Essix retainers are also susceptible to damage from heat and impact. Additionally, they cannot be repaired once broken.
Cleaning, Care, and Maintenance
You’ll need to clean your retainer using a soft toothbrush with lukewarm water right after you take it out of your mouth. Adding mild dish soap will allow for a deeper clean, but you never want to use any kind of toothpaste to clean your retainer, as it will cause scratching.
Brush your teeth while your retainer is out of your mouth, and don’t forget to also clean your retainer’s case. Keep your retainer away from pets and children, as, to them, retainers make great chew toys! You’ll also want to ensure you always store your retainer in its case so you don’t lose it.
Permanent or bonded retainers consist of a wire that fits along the new curve of your teeth. Cement is used to bond the wire to the teeth. These retainers remain on the teeth for several years, and they can only be removed by your orthodontist.
They may be recommended for you if your teeth have a high chance of returning to their old position or relapsing after your braces have been removed. They may also be an option if you are unlikely to remember to wear removable retainers. Because they’re installed behind your teeth, they are invisible. In addition, permanent retainers aren’t easily damaged and are impossible to lose or misplace.
Cleaning, Care, and Maintenance
Permanent retainers will require regular cleaning and flossing to preserve oral health and remove debris that becomes trapped under the cement and wires and between teeth. Even a good cleaning may not remove it all because so many areas are difficult to reach. Flossing after you brush can help with this; if regular floss is difficult to use, a threader can help.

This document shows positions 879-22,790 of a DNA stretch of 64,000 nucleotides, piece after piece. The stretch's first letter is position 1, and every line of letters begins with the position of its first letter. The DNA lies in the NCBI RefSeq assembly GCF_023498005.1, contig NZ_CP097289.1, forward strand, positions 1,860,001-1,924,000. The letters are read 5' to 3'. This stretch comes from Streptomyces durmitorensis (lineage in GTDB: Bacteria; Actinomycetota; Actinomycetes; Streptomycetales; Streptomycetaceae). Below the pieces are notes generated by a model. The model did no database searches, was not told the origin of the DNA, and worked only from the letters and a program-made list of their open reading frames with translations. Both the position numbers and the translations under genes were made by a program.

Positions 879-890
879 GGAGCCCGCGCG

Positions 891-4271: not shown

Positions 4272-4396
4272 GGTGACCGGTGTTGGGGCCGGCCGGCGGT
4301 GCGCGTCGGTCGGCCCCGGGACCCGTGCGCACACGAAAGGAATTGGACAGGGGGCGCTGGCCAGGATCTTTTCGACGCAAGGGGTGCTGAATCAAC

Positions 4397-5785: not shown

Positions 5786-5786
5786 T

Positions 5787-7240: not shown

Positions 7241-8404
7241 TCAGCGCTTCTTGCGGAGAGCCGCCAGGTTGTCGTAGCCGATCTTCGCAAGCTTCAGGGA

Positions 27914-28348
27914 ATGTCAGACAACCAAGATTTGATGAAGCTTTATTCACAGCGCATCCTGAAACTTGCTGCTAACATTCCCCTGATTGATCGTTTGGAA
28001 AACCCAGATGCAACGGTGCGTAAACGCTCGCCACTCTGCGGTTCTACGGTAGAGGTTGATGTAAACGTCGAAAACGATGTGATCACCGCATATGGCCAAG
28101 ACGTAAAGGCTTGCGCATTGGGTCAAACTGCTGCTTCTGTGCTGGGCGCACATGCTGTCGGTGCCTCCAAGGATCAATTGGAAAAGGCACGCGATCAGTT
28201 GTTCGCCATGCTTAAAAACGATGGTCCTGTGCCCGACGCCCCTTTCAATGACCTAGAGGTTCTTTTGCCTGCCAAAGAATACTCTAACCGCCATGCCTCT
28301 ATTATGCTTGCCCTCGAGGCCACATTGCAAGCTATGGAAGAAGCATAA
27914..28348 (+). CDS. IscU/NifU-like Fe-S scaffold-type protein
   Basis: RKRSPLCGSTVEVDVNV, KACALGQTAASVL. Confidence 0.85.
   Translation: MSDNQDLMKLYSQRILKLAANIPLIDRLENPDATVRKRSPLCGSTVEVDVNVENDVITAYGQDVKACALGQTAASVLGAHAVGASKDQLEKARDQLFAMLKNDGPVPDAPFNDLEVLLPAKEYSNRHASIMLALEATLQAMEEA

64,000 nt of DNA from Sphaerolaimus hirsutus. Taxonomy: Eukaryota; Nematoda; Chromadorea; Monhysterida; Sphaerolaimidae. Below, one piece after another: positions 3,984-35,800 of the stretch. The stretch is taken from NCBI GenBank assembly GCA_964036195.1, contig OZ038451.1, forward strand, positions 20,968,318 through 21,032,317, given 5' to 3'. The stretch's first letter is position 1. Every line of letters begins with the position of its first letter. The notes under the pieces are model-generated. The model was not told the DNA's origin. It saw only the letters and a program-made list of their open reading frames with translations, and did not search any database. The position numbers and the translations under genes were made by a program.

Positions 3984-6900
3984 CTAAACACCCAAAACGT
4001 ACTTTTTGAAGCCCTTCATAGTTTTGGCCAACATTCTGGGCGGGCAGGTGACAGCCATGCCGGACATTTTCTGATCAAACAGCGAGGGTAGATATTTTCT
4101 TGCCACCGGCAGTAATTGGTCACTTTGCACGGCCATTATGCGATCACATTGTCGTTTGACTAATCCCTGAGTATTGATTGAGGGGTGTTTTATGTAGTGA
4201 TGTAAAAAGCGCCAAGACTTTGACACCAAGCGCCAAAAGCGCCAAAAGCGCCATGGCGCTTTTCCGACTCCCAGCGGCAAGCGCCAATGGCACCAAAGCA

There are also many water flossers on the market which can make it much easier to clean your teeth. They shoot water at high pressure, which can help to dislodge trapped debris from your retainer.
Just as with removable retainers, regular checkups with your orthodontist will be necessary so that they can inspect your retainer for loose wires and signs of damage and wear. Although you may not need to wear them for the rest of your life, a permanent retainer may need replacement after a number of years.
Whichever retainer type you choose, your orthodontist will provide you with detailed instructions and is happy to answer any other questions you may have.
The Best Ways to Ensure Retainer Success
When you first got your braces, you were likely warned about eating certain foods. The same is true when you wear any kind of retainer. Acid-forming foods can cause damage to your enamel when they become trapped beneath your removable or permanent retainer. Sticky foods can cause the cement in permanent retainers to loosen and the wires to bend.
We cannot stress enough how important it is to have regular orthodontist visits. They know when your retainer will need adjustment, repair, or replacement. After all, a retainer that isn’t doing its job will not help your teeth to stay in their new positions.
Finally, getting top-quality orthodontic care is an absolute must. It’s the only way to ensure complete success with your retainer for a new smile that will last for life. Labbe Family Orthodontics has the knowledge and experience to keep your smile healthy. We treat every patient like family and give you the information you need to make informed decisions about your orthodontic care.
Our complimentary orthodontic consultation is available at each of our Annapolis, Bowie, Crofton/Gambrills, and Greenbelt locations. Call 443-603-3448 to book yours, and you’ll discover why, at Labbe, life is better with a smile.
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- Flexible Payment Plans
- Accepts Most Insurances